The Spring Budget 2021: A Summary

As the UK eagerly tuned in to the most anticipated Budget for a generation, many were left wondering what the Chancellor’s traditional “rabbit out of a hat” might contain - especially as several big measures had been announced beforehand. 

Here is a quick glance at the main points from today’s announcements.


The UK economy shrank by 10% in 2020. More than 700,000 people lost their jobs since the pandemic began and UK borrowing hit a peacetime record of £355bn this year.

But, the economic forecasts for 2021 show a rebound in 2021, with projected annual growth of 4%. Then it is hoped the economy will return to pre-Covid levels by the middle of 2022 - in what the Chancellor says is six months earlier than forecasted.


Many were worried about the impact on jobs if the current furlough scheme was brought to an end too early. However, the Chancellor has announced an extension to furlough until the end of September. After then employers will be asked to contribute 10% in July and 20% in August and September.

Other employment support

There will be more support for the self-employed too, as the existing schemes remain in place until September. The Chancellor has also added 600,000 more self-employed people into the eligibility criteria as grant access is widened.

The £20 uplift in Universal Credit will also stay in place for another six months and those claiming working tax credit will get a £500 one-off payment.


The minimum wage will increase to £8.91 an hour from April 2021. However, there will be no changes to rates of income tax, national insurance or VAT. The personal income tax allowance will be frozen at £12,570 from April 2022 to 2026, for higher rate income tax payers it will be frozen at £50,270 from 2022 to 2026.

Stamp Duty

Mr Sunak already announced plans to extend the Stamp Duty Land Tax (SDLT) holiday announced last summer and today he released the details. The current scheme will no longer expire on 31st March, but instead, property purchases in England and Northern Ireland will enjoy an extension of the holiday until June, with no tax liability on sales of less than £500,000.

Other taxes

Corporation tax on company profits to rise from 19% to 25% in April 2023

Rate to be kept at 19% for about 1.5 million smaller companies with profits of less than £50,000

No changes to inheritance tax or lifetime pension allowance or capital gains tax allowances

Tax breaks for firms to "unlock" £20bn worth of business investment

Firms will be able "deduct" investment costs from tax bills, reducing taxable profits by 130%

Business and leisure

No doubt, many businesses today will welcome the news that the business rates holiday for firms in England to continue until June. After that, there will be a 75% discount.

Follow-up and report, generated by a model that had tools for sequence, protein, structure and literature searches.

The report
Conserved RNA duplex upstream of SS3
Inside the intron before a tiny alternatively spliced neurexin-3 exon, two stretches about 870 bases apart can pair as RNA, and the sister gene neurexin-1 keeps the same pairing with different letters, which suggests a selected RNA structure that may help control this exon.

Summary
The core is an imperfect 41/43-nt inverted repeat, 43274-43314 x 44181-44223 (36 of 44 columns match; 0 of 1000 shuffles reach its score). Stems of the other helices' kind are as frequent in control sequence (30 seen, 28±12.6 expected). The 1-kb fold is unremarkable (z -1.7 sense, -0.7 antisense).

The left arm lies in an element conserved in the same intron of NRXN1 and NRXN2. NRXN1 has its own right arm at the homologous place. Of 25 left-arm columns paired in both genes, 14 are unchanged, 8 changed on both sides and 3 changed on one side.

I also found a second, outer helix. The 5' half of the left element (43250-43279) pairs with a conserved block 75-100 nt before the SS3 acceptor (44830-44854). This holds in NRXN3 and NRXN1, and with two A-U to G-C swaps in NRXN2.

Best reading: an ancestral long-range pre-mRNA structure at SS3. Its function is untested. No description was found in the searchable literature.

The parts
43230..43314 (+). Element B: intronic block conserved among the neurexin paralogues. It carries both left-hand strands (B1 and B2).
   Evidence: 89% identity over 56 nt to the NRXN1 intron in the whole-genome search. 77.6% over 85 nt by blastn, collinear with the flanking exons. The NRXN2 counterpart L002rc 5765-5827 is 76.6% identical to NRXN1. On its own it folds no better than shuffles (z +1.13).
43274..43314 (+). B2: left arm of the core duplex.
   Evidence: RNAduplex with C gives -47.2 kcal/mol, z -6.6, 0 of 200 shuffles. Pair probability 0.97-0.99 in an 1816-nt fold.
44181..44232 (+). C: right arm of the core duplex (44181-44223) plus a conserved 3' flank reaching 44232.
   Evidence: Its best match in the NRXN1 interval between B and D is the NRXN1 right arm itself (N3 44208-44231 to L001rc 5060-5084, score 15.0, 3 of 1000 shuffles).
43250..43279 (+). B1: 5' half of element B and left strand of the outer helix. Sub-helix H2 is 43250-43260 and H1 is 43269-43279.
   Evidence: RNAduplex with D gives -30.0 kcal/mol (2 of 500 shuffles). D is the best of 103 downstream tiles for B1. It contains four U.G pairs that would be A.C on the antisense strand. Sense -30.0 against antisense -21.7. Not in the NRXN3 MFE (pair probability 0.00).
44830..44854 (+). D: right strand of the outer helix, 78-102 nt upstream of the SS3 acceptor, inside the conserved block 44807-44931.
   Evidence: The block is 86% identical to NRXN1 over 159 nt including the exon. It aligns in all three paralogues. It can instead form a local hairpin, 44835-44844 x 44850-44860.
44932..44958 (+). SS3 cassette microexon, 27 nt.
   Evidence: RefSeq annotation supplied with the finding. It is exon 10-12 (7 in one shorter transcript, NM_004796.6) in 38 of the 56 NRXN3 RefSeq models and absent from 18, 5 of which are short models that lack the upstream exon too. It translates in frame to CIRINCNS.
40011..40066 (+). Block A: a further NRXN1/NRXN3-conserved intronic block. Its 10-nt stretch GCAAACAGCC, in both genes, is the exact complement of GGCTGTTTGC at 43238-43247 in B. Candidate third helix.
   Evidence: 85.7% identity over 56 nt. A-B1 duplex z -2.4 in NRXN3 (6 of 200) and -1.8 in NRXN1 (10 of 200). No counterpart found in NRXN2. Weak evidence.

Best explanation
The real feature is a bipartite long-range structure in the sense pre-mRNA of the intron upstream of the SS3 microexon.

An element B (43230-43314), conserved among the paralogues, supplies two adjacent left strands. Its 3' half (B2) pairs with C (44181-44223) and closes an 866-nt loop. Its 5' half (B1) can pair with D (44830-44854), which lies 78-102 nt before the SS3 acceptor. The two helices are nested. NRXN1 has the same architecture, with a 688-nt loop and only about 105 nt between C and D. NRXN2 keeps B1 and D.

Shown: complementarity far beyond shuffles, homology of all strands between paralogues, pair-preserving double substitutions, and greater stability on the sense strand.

For hospitality businesses, there is the continuation of the 5% VAT rate until September plus, there will be a £5bn “re-opening fund” for non-essential businesses initially worth up to £6,000 per premises. There will be a £150m for community groups to take over pubs at risk of closure All alcohol duties to be frozen for second year running and there will be no extra duties on spirits, wine, cider or beer.

Fuel duty to be frozen for eleventh consecutive year and the limit on contactless payments will also rise to £100 later this year.

Plus, there will be gains for the arts sector too in the form of a £400m grant to help arts venues in England, including museums and galleries, re-open, as well as a £300m recovery package for professional sport and £25m for grassroots football.

Other grants

The Chancellor also announced funding in the form of grants for the following:

  • Incentive grants for apprenticeships to rise to £3,000 and £126m for traineeships
  • £19m for domestic violence programmes, funding network of respite rooms for homeless women
  • £40m of new funding for victims of 1960s Thalidomide scandal and lifetime support guarantee


Many may have seen this as the Chancellor’s “rabbit” moment, when he announced the first eight sites for freeports in England. These are for goods that arrive into freeports from abroad aren't subject to the tax charges, called tariffs, that are normally paid to the government.

These taxes are only paid if the goods leave the freeport and are moved elsewhere in the UK.

The eight sites for freeports are:

  • East Midlands Airport
  • Felixstowe and Harwich
  • Humber region
  • Liverpool City Region
  • Plymouth
  • Solent
  • Thames
  • Teesside